Arts & Culture » Visual Art

Neither Here Nor There: Contemporary Mexican Printmaking on Both Sides of the Border

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When Boise State University Visual Arts Center Director Kirsten Furlong came across Ni De Aqui Ni De Alla (Neither Here Nor There), a 22-piece exhibition on cultural identity and border tensions from Mexican printmakers, she was intrigued.

“It’s pretty rare that you see a group exhibition like that by a lot of really distinguished artists talking about these issues at the border,” said Furlong, who, with the help of Arizona State University Professor Rogelio Gutierrez, brought the series to Boise State.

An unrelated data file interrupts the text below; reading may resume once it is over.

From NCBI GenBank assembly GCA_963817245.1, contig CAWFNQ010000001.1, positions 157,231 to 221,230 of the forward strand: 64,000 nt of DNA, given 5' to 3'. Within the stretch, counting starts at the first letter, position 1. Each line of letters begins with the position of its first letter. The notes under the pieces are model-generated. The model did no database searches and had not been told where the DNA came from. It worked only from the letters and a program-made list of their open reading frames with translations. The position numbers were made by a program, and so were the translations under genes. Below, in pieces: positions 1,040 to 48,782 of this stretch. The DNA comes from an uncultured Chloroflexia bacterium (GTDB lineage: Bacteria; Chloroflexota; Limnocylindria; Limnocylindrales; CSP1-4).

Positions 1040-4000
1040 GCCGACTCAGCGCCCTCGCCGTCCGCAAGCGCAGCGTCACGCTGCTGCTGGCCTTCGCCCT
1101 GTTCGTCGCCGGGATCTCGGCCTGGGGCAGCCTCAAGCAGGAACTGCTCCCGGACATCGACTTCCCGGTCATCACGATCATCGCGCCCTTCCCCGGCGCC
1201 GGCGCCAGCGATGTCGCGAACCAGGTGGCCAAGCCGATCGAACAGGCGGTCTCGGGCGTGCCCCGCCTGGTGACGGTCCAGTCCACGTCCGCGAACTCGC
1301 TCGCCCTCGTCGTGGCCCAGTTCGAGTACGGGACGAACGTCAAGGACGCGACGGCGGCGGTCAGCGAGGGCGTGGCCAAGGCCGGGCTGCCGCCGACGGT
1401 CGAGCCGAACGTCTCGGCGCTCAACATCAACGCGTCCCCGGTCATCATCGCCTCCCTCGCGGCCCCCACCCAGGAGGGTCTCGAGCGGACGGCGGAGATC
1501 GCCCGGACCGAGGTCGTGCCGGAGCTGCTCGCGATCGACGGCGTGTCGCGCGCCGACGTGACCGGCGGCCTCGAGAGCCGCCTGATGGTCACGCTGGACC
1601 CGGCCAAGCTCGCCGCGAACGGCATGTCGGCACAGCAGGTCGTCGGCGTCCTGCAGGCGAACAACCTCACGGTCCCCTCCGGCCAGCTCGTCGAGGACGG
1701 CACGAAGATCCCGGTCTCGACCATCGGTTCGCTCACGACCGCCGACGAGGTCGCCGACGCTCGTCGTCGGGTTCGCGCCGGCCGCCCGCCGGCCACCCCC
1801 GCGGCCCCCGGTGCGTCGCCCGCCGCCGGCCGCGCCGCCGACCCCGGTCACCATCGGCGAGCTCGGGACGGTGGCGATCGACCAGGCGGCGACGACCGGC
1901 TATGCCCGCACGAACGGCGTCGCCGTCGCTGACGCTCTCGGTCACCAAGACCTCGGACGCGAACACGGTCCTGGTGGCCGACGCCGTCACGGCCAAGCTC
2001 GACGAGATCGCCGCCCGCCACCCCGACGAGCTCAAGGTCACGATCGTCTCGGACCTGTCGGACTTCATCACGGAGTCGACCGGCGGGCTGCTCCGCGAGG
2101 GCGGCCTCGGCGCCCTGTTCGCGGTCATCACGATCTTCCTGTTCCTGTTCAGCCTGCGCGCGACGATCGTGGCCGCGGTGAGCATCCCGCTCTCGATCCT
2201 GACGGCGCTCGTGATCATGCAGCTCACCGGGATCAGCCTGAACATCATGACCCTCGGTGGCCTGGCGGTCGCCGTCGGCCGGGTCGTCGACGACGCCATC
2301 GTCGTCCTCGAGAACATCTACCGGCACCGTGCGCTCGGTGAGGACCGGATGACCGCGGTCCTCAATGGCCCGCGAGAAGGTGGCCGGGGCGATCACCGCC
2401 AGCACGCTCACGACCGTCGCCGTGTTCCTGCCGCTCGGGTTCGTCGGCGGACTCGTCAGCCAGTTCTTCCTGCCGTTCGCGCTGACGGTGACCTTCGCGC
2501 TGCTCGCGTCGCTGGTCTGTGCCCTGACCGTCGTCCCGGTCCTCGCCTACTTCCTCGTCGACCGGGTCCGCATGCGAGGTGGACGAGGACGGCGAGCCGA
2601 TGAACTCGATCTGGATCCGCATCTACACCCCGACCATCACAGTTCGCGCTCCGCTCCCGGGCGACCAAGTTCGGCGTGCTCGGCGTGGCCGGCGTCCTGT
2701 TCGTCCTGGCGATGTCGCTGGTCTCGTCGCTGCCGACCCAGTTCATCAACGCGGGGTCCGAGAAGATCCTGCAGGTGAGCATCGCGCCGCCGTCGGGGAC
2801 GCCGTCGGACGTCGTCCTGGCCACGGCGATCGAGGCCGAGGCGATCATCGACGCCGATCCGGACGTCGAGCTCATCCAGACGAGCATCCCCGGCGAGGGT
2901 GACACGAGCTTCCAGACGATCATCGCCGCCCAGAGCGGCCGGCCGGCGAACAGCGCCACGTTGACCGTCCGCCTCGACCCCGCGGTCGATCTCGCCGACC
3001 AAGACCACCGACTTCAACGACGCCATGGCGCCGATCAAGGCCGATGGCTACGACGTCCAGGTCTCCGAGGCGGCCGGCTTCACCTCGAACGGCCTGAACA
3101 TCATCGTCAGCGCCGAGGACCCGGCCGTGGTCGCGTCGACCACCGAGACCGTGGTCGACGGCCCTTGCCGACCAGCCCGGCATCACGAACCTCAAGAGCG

The prints—ranging from lithographs to screenprints to woodcuts—offers a journey through printing style and emotional turmoil.

The pieces are laced with exquisite detail and texture and equally complex in emotion. In a screenprint by Fernando De Leon, the bright hues of the Mexican flag beam out from behind a re-imagined $1 U.S. bill. Other pieces are more somber. “Los Hijos de Nadie" ("Nobody’s Children") is a black-and-white stone lithograph print by Mexican artist Gabriela Gonzalez depicting three distraught children: one horned and sobbing, another staring through a chain link fence at a third, naked and walking away.